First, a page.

Wednesday, December 10, 2008

(TALKZIMBABWE) AU rejects call for troops in Zimbabwe

AU rejects call for troops in Zimbabwe
Ranganai Chidemo
Wed, 10 Dec 2008 03:30:00 +0000
Salva Rweyemam

THE African Union has dismissed as "not logical" calls by the Prime Minister of Kenya, Raila Odinga and activist Archbishops, Desmond Tutu and John Sentamu, to send troops to Zimbabwe to topple President Robert Mugabe. The current chairman of the regional grouping, President Kikwete of Tanzania, issued a statement Tuesday saying military intervention in Zimbabwe was not an option.

He made it clear that the AU did not back calls for tougher action on Zimbabwe, saying only dialogue could solve the country's problems. The statement, issued through his spokesman, Salva Rweyemamu, read:

"We have a serious humanitarian crisis in Zimbabwe. We have cholera. Do they (those leaders calling for military intervention) think that we can eradicate cholera with guns?"

"Only dialogue between the Zimbabwean parties, supported by the AU and other regional actors, can restore peace and stability to that country," added Rweyemamu.

Rweyemamu said the AU was unrelenting in its efforts to seek a peaceful resolution to the Zimbabwean crisis.

In a separate interview with VOA, Rweyemamu reiterated President Kikwete’s sentiments that dialogue was the only option.

“The position of the AU and that of Tanzania has always been consistent,” he added. “And this position was basically articulated in the ….. sheik summit which said the process in Zimbabwe is an AU process, but it will basically be handed over to Sadc and President Mbeki will be the negotiator in the process.”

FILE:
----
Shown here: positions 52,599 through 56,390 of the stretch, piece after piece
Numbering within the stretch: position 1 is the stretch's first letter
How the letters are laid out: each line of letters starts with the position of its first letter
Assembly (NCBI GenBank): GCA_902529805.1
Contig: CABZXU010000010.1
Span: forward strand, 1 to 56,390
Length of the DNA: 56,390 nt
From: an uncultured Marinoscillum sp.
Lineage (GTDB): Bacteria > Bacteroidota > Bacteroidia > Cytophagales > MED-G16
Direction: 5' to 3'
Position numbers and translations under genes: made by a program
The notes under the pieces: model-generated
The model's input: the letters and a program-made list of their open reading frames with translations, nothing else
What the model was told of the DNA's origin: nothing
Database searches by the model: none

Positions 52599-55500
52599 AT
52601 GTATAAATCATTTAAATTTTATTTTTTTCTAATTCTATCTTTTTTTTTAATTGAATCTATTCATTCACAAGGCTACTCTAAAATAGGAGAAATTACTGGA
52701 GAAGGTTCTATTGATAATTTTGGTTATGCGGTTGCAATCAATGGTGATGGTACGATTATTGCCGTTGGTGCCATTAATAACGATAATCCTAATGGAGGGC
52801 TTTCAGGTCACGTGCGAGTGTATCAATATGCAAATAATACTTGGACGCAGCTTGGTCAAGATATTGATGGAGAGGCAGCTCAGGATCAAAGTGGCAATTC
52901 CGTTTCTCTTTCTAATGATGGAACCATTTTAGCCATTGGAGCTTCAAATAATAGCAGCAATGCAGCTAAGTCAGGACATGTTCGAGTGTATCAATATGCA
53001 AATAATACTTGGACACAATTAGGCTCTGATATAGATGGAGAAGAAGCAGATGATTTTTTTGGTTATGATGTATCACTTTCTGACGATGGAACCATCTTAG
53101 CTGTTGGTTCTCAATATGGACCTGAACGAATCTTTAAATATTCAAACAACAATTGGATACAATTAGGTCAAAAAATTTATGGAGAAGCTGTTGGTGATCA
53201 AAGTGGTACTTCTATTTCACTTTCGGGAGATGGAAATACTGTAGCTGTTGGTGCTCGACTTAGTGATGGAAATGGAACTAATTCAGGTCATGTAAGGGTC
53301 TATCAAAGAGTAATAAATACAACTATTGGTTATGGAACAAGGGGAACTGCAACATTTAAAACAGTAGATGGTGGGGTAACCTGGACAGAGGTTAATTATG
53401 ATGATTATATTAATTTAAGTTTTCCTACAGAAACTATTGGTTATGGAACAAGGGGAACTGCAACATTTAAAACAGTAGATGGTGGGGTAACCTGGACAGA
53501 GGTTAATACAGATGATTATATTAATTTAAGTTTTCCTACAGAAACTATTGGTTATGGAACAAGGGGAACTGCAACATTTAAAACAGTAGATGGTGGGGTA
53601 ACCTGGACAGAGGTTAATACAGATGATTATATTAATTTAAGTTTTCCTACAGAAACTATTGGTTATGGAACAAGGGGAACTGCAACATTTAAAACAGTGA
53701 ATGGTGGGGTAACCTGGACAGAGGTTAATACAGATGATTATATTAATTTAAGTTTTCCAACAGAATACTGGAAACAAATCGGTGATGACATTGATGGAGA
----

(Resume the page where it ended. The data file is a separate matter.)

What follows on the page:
“The AU does not mention force in its determination. What was decided was that Au should encourage dialogue in Zimbabwe and that remains the situation now.”

Quizzed on claims by political commentators that the AU and Sadc had failed to resolve the situation in Zimbabwe, the spokesman said: “The signing of an MoU between the main political parties was a result of the AU, Sadc effort, and the effort by President Thabo Mbeki.”

He added that the parties to the power-sharing negotiations should now look for a way to make that agreement operational.

Rweyemamu said it was “unfair” to criticize African leaders for all the efforts that have been going on in the region.

Commenting on the “impatience” of Kenya and Botswana whose leaders have in the past few days called for the ouster of President Mugabe through force, he said: “Well these are political processes and such processes take a long time.”

“I don’t think that the use of force in Zimbabwe will solve the problems of Zimbabwe overnight, for instance, right now the most critical issue in Zimbabwe is the humanitarian crisis which has been caused by cholera. I think we should be concentrating on that.”

He said that those countries (Kenya and Botswana) could make their own decisions outside the framework of the AU, Sadc, but invasion is not the most logical solution at this point.

“In that context, Tanzania is sending a big consignment of medicines to solve that (Cholera) problem,” he added.

ZIMBABWE ON HIGH ALERT

Meanwhile the Zimbabwean government has indicated that its troops were on high alert.

The Minister of Information and Publicity, Sikhanyiso Ndlovu, said "The Zimbabwe Government is taking serious measures to offset any threats, any further sanctions on our people. Any interference shall not be tolerated.”

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